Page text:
Not Aubrey McClendon. The company's beleaguered founder and CEO, while prepared to relinquish his chairmanship as soon as a replacement is found, has no plans to step off the board, according to Monday's press release and people familiar with the matter — despite calls by some shareholders and analysts to resign his post entirely. (McClendon has been dogged in recent months by revelations that he ran a hedge fund for four years that invested in natural gas alongside his work as Chesapeake's CEO, as well as by details about loans he received from parties that were also doing business with Chesapeake, some of which were used to help fund McClendon's investments in company wells.)
Louis Simpson, the former Geico insurance official who was named to Chesapeake's board last year at least partly at the behest of Southeastern Asset Management, the driller's largest shareholder, is also expected to stay, according to these people. (SEAM has not responded to multiple requests for comment.)
So what of this year's elections? Former Union Pacific railroad chief Richard Davidson and Oklahoma State University President Burns Hargis are up for reelection this year and may stay on even if shareholders reject them (more on that in a moment). And Charles Maxwell, the Weeden & Co. energy analyst, is set to retire Friday, leaving open a seat that, according to Monday's press release, will be filled by the incoming chairman.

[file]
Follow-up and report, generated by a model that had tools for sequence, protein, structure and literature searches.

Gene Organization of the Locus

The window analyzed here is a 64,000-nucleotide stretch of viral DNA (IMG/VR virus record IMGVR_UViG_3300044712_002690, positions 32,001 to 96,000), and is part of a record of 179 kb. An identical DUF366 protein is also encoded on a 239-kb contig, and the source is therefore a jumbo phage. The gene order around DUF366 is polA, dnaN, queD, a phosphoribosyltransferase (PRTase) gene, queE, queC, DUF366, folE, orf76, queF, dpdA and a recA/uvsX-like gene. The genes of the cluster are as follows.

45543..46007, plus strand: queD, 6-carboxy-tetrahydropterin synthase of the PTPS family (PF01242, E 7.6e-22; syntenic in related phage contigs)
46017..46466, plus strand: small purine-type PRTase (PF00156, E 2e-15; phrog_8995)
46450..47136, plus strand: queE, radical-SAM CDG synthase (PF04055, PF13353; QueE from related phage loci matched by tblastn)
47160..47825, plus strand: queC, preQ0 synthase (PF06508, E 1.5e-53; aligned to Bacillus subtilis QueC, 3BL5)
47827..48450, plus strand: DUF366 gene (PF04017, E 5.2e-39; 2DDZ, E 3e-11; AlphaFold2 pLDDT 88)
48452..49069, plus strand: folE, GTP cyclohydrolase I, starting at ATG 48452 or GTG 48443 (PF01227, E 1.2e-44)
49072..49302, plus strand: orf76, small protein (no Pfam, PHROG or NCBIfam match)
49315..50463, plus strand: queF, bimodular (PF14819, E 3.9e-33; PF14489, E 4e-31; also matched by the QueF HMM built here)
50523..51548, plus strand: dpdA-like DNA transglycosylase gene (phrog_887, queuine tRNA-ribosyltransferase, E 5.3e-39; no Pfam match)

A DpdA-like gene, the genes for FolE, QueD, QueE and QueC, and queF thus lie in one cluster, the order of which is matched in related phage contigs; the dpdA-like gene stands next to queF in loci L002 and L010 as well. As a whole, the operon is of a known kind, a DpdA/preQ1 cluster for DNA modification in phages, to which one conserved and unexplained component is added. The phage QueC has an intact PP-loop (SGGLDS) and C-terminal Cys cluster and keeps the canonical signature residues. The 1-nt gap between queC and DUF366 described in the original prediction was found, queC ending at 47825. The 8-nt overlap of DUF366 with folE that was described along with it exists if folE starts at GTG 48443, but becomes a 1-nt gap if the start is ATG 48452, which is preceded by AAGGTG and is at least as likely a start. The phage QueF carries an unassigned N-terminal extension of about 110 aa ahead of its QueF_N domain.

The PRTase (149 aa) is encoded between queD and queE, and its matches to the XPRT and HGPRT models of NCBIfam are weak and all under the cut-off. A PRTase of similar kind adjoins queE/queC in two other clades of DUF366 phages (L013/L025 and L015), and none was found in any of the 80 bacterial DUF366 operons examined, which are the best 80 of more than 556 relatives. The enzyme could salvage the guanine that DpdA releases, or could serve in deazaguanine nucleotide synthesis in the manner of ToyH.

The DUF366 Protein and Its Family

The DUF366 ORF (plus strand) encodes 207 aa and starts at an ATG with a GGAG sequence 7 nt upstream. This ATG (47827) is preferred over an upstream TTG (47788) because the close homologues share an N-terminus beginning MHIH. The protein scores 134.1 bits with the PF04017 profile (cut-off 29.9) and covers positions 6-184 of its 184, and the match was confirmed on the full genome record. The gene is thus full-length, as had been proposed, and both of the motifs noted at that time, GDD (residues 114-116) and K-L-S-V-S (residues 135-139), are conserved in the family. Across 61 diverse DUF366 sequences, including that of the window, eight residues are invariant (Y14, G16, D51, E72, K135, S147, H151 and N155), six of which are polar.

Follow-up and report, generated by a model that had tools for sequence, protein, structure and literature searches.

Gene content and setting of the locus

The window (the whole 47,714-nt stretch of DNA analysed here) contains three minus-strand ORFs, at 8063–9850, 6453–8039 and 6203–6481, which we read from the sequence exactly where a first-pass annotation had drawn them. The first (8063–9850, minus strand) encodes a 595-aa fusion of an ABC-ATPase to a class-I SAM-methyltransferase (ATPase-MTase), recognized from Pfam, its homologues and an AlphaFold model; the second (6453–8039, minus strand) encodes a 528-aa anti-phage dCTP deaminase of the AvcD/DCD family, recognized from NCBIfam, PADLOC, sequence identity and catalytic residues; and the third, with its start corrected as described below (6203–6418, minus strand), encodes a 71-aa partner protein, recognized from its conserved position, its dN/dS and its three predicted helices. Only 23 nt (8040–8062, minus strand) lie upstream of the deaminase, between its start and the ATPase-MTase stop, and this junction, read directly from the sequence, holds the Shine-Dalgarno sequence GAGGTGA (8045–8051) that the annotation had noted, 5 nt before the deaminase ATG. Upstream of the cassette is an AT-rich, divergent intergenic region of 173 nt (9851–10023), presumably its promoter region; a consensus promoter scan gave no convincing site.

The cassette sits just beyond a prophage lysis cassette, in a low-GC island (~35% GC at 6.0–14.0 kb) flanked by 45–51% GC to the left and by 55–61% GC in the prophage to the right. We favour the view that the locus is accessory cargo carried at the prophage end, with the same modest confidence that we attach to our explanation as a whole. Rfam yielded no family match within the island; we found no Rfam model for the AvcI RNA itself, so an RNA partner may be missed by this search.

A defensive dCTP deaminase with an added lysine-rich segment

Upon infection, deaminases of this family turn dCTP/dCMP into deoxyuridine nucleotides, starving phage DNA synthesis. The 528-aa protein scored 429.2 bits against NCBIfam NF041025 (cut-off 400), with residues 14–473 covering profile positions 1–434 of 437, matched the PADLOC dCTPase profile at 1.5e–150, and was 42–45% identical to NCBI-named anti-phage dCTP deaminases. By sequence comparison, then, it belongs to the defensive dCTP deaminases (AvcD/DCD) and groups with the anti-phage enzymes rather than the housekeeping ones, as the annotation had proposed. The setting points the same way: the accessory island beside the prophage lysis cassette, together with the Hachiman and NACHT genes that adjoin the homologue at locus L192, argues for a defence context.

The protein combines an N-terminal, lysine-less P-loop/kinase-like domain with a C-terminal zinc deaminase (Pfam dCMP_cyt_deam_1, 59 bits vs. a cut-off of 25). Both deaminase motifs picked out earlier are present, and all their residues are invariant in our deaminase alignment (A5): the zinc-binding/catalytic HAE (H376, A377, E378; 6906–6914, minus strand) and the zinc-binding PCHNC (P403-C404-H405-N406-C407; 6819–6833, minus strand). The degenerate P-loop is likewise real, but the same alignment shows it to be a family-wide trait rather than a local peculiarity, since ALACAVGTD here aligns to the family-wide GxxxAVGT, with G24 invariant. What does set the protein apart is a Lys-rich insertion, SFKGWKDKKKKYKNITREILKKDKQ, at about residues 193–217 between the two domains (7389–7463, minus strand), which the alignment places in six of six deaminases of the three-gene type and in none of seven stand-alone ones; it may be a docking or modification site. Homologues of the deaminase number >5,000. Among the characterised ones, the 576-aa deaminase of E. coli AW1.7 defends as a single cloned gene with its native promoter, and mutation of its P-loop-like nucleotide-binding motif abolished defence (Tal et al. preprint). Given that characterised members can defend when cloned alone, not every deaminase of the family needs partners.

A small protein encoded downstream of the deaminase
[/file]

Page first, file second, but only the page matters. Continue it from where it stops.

That still leaves four seats yet to be vacated in this game of boardroom musical chairs. Logic suggests that natural-gas entrepreneur Kathleen Eisbrenner, National Oilwell Varco CEO Merrill "Pete" Miller, former Senator Don Nickels, and former Governor-cum-banking lobbyist Frank Keating are likely to step down, since McClendon and Simpson aren't going anywhere and Davidson and Hargis are running for reelection. But don't jump to conclusions yet, because there's a wrinkle, according to the people familiar with the matter: Chesapeake is reluctant to part with Miller, who sits on the board's audit committee (which is in the midst of an investigation of McClendon's financial affairs) and was only recently named the company's lead independent director.